SDN FEATURE NEWS

CPLANE Makes Available SDN Software for Connecting Apps across Data Centers

By Paula Bernier October 23, 2014

CPLANE Networks this week commercially launched its Dynamic Virtual Networks Interconnect product for wide area networks.

This software-defined networking software, which is based on OpenStack, leverages the company’s SDN Controller to enable the creation of Layer 2 and 3 VPNs over MPLS. That way, data center operations can connect applications spanning multiple data centers.

DVNI also allows for automatic discovery; label-switched path traffic optimization planning, modeling and analysis for fast reroutes and alternate paths; policy-based management for overbooking, security, and QoS; and resource-based admission control and traffic shaping.

In other recent news from CPLANE, the company in August announced a partnership with KnowÏSys Inc.

The alliance brings together the CPLANE NETWORKS Dynamic Virtual Networks solution together with the KnowÏSys lean innovation practices to allow for streamlined cloud deployments through automation, integration, and planning.

"Customers need agile cloud services to respond to increasingly shorter and more demanding business cycles," said Larry Lozon, founder and managing partner of KnowÏSys. "They want the benefits that public clouds offer, but with more control, better security and improved operational oversight. KnowÏSys accelerates the OpenStack design and deployment process while ensuring operational control and integrity. CPLANE's lightweight, easy to deploy SDN solution delivers the performance, scalability and reliability that today's large data centers demand."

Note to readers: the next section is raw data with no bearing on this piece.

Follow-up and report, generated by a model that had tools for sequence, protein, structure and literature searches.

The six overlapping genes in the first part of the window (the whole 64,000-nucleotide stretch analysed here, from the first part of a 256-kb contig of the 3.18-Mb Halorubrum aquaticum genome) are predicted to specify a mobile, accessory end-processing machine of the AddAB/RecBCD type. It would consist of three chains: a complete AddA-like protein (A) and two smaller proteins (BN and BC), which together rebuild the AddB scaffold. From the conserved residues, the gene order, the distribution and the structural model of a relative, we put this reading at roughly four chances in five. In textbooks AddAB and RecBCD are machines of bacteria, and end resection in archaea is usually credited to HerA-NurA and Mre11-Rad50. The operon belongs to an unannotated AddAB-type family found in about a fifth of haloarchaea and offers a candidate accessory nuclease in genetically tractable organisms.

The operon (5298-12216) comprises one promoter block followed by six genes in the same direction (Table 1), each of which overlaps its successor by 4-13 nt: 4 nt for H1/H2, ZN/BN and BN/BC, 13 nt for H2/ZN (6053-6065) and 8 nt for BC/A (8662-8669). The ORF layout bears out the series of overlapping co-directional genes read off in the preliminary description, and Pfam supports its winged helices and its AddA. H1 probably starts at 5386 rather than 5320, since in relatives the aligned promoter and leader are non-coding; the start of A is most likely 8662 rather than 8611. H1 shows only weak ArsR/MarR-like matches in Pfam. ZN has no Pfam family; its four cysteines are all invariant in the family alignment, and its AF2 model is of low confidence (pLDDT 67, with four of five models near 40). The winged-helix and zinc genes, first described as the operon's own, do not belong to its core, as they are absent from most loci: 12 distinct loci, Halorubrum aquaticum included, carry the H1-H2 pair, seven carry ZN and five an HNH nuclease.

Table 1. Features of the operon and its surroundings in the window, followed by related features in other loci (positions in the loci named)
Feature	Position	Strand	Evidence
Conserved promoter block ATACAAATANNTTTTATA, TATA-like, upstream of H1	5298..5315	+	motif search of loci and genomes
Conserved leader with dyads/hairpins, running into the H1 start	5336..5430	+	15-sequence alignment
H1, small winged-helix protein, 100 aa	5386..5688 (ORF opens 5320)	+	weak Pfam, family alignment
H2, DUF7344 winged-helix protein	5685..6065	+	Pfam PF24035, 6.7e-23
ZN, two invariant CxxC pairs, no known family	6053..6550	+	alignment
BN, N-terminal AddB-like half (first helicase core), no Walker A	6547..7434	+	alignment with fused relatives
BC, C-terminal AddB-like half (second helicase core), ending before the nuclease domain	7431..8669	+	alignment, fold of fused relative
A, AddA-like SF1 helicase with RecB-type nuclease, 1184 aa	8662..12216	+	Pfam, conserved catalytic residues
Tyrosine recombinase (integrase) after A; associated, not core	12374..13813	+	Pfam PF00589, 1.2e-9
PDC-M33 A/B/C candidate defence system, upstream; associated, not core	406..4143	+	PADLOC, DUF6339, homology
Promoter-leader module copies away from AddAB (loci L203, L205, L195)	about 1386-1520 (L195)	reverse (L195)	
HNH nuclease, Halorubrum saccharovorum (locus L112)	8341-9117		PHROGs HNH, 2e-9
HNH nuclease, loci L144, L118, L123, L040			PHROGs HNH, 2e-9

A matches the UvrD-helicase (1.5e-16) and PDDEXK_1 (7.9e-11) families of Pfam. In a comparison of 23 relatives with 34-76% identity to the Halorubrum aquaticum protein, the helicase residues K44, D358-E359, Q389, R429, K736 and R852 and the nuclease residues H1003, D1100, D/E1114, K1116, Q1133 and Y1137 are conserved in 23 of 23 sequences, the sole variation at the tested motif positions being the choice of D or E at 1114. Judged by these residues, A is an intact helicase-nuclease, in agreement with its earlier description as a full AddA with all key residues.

OpenStack, for those not familiar, is a cloud-focused open source effort initiated by Rackspace. Just as Rackspace was readying to open its cloud source code, it heard that NASA had a similar effort under way with the Nebula cloud solution. So Rackspace joined forces with NASA under the umbrella of the cloud initiative now known as OpenStack, and this effort has been growing ever since. There were some cloud services out there before the launch of OpenStack, but different players had different stacks and APIs, which was slowing down the adoption of cloud solutions because users didn’t give them the visibility and control they needed. And customers wanted to run cloud solutions inside their data centers on their networks, but a lot of available software wasn’t written at any kind of scale to allow for that. Also, some users wanted to leverage the public cloud for functions that weren’t required to be on site. 




Edited by Maurice Nagle

Executive Editor, TMC

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